The Texas anti-abortion law, which was allowed to go into effect last week despite being in clear conflict with decades-old precedents set by the United States Supreme Court in the landmark Roe v. Wade decision, is a complex piece of legal engineering.
It was intentionally built to avoid initial judicial review and structured to compel people to comply with it, even if they believe it violates their constitutional rights, through fear of being bombarded with excessive legal fees that could bankrupt them.
Attorney General Merrick Garland this week ordered the Justice Department to explore "all options" to challenge Texas's highly restrictive abortion law and to protect abortion clinics that are under attack. Many Democrats and abortion rights proponents caution, however, that while they believe the law is unconstitutional, it was crafted in a way that makes legal challenges difficult.
Senate Bill 8, as the legislation is called, makes it illegal in Texas for a doctor to perform an abortion after the sixth week of pregnancy — before most women are even aware that they are pregnant. Crucially, however, the law explicitly bans state officials from acting to enforce the law, delegating that responsibility instead to private citizens, who are eligible to recover a $10,000 judgment, plus attorney's fees, from anyone who they can prove aided or abetted a woman seeking an abortion.
The law casts a broad net, meaning that not only doctors, but clinicians and clinic workers, and even relatives who help pay for an abortion are liable. However, the plain language of the law states that only people who "knowingly" assist someone seeking an abortion are liable, meaning that the commonly cited example of an Uber driver being exposed to a lawsuit under the bill is incorrect, experts say.
The Supreme Court last week, in a 5-4 decision, declined to block the law from coming into effect on procedural grounds, arguing that because there is no specific individual charged with enforcing the law, there is nobody who can be sued over it, and therefore, nobody the court can enjoin from enforcing it.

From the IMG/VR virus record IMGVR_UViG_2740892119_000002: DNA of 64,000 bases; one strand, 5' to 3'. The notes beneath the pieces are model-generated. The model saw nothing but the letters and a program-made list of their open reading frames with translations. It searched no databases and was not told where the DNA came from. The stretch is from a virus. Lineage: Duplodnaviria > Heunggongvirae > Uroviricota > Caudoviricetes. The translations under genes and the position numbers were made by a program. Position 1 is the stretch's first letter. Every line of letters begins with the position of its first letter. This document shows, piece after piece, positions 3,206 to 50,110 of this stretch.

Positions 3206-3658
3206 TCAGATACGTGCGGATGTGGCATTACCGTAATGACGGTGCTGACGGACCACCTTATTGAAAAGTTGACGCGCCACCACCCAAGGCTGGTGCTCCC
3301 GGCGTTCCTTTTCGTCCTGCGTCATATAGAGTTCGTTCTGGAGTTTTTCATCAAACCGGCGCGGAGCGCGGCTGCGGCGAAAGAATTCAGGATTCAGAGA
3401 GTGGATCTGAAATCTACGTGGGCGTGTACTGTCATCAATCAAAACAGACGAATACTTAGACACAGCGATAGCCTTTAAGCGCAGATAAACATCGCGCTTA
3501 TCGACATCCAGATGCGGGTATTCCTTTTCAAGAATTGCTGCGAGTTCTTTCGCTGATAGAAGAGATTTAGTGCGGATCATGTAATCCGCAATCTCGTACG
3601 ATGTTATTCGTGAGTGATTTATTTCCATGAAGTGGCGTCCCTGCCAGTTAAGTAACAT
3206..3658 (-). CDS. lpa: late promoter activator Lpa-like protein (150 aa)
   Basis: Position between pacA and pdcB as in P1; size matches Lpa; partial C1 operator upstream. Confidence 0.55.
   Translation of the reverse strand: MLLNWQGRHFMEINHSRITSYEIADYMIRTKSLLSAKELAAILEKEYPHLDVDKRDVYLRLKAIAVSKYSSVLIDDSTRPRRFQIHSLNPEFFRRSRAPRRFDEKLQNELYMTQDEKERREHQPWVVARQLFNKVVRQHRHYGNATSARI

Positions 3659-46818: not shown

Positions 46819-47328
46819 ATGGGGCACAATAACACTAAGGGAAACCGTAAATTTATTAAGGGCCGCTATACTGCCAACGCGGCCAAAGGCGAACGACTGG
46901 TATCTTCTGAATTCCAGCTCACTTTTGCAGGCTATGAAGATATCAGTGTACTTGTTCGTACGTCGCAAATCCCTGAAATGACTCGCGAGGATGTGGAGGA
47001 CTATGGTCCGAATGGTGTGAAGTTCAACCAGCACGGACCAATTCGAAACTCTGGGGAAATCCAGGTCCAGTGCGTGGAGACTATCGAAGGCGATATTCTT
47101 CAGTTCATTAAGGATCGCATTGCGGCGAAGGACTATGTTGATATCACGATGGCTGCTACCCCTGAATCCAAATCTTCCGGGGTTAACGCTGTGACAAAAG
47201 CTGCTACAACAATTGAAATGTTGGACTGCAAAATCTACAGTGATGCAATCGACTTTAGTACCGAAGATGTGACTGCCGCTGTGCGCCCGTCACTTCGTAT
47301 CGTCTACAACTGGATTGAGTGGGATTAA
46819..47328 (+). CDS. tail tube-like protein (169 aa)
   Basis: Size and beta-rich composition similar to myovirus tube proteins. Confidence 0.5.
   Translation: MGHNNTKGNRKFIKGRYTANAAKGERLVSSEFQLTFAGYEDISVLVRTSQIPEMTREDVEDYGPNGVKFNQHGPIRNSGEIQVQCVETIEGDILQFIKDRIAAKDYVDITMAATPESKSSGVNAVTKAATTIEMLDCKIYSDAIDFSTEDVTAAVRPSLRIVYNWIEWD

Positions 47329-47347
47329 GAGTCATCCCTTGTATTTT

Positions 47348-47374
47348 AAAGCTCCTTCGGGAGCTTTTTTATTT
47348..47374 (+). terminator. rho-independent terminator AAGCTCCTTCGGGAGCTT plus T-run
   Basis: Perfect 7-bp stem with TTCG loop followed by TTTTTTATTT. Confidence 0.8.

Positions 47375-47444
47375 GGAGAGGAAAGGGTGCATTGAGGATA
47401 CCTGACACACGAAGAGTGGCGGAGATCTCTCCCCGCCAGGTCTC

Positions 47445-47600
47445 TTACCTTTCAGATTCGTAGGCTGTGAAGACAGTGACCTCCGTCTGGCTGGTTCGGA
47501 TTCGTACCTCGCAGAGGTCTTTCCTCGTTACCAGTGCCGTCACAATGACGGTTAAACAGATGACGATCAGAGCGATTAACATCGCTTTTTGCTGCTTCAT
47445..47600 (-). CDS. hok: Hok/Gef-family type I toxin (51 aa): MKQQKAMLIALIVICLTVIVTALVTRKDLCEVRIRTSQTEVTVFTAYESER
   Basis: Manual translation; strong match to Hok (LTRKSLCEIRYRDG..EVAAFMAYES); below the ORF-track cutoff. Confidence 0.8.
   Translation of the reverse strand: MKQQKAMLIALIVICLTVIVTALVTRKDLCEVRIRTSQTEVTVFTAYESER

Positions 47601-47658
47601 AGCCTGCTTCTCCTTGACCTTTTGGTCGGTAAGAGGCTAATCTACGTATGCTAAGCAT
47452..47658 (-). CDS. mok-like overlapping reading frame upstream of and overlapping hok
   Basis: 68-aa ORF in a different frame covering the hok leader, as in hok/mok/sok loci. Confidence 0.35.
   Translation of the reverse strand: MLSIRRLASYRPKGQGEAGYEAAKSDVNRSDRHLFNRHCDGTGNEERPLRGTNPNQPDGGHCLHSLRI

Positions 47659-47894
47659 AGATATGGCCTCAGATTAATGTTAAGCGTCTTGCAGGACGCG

President Joe Biden sharply criticized the Supreme Court ruling and instructed Garland to explore ways to challenge the Texas law.
Thus far, abortion clinics in Texas have been careful to observe the new law — which makes no exceptions for rape or incest — and avoid drawing fire from self-appointed citizens or groups claiming violations of the new abortion restrictions. However, it is likely that eventually someone will defy the six-week limit on pregnancies before a procedure, leading to a constitutional test case.
Opponents of the legislation have been scathing in their criticism of the Texas legislature and Republican Gov. Greg Abbott who signed the legislation.
"Texas politicians have succeeded for the moment in making a mockery of the rule of law, upending abortion care in Texas, and forcing patients to leave the state — if they have the means — to get constitutionally protected health care," said Nancy Northup, president and CEO of the Center for Reproductive Rights. "This should send chills down the spine of everyone in this country who cares about the Constitution. We will keep fighting this ban until abortion access is restored in Texas."